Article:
Sunday, November 17, 2013

A Feminist Analysis of Carrie: Violent Projections of Womanhood (MEGA SPOILERS)

I watched Carrie for the first time this October.

I was alone. And I was ready to be scared.

I was not scared. If anything I was creeped out. Not by the film itself but because it's exaggeration of the violence that women face reminded me of the reality of how difficult it is to be a woman sometimes. And how strange and difficult and lonely it is to be who you are in a world where you have no (real) support and your peers are vastly more privileged and comfortable than you.

A lot of people will think upon viewing Carrie will find a sympathetic character in the gym teacher, Miss Collins, but I don't think she is a actually friend to Carrie. In fact I find her to be a faux-ally. She doesn't reach out to Carrie out of compassion. She reaches out to her to encourage and enforce the her own roll as benevolent teacher and the role of Carrie as a blossoming adolescent. Miss Collins needs Carrie to be successful socially because she see herself as being validated by doing so. She approaches carrie in a passive aggressively predatory manner, trying to make her better fit into her social group, and make her into the "girl" that she is nostalgic for. She is attracted to the an idealized version of Carrie and is not actually interested in the person that Carrie is.

In the beginning of the film when speaking to the principle about slapping Carrie in the shower Miss Collins says "In that moment I knew why those girls wear doing what they did and I just wanted to smack her."

Despite her friendly approach she is still trying to force Carrie into a role. In the infamous pigs blood scene Carrie recognizes Miss Collin's falseness and "sees" her gym teacher laughing along with everyone else. Like all of the women in this film Miss Collins feels the need to discipline ridicule or change Carrie because of her failure to live up to what she considers normal and acceptable for the role of woman.

To an excruciating and delightfully acted degree Carrie's mother projects the expectation of innocence and virginity onto Carrie. The girls at school project the expectation of teenage normality onto her. The gym teacher is complicit in this although she works her butt off to make Carrie's mandatory assimilation into her version of womanhood as comfortable and humane as possible. Kind but ultimately misguided.

Carrie is a whipping girl, a repository for every other female characters expectations of womanhood. The array of the projections she suffers are often delivered violently. In the literary sense I'd argue, that the heightened adversity she suffers from these projections is the violent crucible from which her powers to arise (much like a superhero is often motivated by tragedy/abuse).

For this reason I view Carrie as a parable about the horrific consequences of women willy-nilly projecting their impossible expectations onto other women. I love this film specifically for it's unique focus on relationships between women. Yes it is violent but the relationships between woman often are (one of the ways the patriarchy maintains itself is by pitting women against each other). And some of my all time favorite movies demonstrate this (Mean Girls).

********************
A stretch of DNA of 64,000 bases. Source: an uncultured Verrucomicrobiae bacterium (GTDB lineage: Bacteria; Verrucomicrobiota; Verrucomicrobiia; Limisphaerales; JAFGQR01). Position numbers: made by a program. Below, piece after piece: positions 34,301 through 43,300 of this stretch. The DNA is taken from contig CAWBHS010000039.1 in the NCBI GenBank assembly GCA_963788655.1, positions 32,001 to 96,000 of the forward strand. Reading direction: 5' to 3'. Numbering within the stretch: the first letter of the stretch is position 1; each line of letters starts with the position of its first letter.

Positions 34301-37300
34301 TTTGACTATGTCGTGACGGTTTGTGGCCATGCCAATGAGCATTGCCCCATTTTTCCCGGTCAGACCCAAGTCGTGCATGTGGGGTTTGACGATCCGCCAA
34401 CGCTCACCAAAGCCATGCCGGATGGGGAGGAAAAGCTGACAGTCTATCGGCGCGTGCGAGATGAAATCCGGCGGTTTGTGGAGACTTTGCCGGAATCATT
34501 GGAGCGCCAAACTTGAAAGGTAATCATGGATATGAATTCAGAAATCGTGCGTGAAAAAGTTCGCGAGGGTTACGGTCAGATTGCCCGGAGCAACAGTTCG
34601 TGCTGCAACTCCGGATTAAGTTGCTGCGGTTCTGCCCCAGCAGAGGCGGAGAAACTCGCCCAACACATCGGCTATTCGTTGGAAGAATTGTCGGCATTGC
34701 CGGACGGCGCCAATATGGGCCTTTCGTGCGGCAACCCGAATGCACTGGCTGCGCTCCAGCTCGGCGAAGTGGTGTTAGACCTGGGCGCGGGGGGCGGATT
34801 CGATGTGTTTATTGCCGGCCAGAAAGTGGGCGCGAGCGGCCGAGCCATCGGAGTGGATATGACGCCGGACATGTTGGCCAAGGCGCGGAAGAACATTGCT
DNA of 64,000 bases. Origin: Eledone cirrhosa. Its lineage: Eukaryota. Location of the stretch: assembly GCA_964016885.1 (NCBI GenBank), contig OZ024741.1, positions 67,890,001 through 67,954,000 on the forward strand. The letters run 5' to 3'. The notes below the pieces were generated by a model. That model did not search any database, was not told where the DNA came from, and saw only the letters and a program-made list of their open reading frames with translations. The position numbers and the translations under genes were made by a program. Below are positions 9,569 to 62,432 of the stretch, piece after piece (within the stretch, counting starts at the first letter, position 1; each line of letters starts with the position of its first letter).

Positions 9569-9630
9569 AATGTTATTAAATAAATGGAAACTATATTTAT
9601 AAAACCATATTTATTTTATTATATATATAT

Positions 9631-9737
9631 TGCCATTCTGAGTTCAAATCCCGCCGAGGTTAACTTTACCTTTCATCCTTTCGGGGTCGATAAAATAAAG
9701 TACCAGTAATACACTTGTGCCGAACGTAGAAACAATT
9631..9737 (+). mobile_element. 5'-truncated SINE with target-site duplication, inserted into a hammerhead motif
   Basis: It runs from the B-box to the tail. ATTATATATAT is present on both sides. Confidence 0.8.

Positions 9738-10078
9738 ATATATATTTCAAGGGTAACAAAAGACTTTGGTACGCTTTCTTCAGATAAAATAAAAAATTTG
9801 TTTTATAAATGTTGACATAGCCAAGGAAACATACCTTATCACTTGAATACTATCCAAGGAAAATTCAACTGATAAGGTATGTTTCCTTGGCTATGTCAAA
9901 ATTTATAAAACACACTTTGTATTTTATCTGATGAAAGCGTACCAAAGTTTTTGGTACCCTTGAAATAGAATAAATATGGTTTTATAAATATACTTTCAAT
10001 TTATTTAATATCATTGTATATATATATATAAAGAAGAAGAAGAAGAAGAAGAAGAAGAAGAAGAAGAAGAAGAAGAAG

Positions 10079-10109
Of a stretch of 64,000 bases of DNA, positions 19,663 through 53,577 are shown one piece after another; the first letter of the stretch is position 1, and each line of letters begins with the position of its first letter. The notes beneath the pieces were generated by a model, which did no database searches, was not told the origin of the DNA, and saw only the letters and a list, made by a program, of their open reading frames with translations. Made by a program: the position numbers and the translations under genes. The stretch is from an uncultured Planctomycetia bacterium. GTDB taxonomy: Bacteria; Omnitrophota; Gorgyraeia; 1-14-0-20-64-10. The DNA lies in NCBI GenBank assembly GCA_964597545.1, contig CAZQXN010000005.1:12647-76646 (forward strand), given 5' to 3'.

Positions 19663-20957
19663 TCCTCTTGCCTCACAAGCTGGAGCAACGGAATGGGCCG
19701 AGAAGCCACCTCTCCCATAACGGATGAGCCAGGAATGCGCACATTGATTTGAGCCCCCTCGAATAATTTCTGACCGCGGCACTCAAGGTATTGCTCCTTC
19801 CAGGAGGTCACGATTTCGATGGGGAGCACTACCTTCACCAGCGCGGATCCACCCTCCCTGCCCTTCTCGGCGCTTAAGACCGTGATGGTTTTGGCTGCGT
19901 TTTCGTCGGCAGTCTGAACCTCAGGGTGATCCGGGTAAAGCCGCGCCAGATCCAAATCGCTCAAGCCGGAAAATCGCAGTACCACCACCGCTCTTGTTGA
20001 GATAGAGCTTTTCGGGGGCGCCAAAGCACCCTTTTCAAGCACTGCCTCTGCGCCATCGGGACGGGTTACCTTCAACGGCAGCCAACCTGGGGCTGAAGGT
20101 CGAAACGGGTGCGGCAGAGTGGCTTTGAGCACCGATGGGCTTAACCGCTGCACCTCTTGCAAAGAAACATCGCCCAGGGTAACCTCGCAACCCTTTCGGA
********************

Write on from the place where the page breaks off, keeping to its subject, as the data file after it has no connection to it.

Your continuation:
Call it misandry if you must, but I also find it very funny that all of the men in this movie are inconsequential. Their characters basically only exist to serve the aims of the female characters seeking to undermine Carrie. It's a deliciously strange reversal of how genders are usually represented in film. The women and their twisted motivations drive this film.

Carrie is often billed as a revenge flick and honestly I think that's an oversimplification. Carrie doesn't burn down the school, flip the car, and bring her house down because she wants to get revenge on all of people who have violently projected their crap onto her. She does it because the world as she knows it is a terrible horrible place where if you don't live up to people's expectations you get ridiculed and abused.

She burns the world to the ground because she's had first hand experience after experience of just how fucked the world is. She isn't in it for revenge, this move is a murder suicide story.

In this sense it's telling that Sue, the only survivor of Carrie's rampage, never spoke directly to Carrie and felt actual remorse about the shower incident. Sue made no attempt to change or solicit anything from Carrie at all. The only person in the film who gave Carrie anything without expecting her to fill their ideal role of womanhood was the person allowed to survive. Although she is left haunted by what she witnessed, as are all of us who live in a world were women are pitted against one another for not living up to skewed and violently enforced ideals of womanhood.


  1. Interesting take. I definitely think Ms. Collins isn't an angel. But don't you think Carrie wants to "fit in?" I thought she was desperate to be liked and loved, and not just an outsider.

  2. Interesting take. I definitely think Ms. Collins isn't an angel. But don't you think Carrie wants to "fit in?" I thought she was desperate to be liked and loved, and not just an outsider.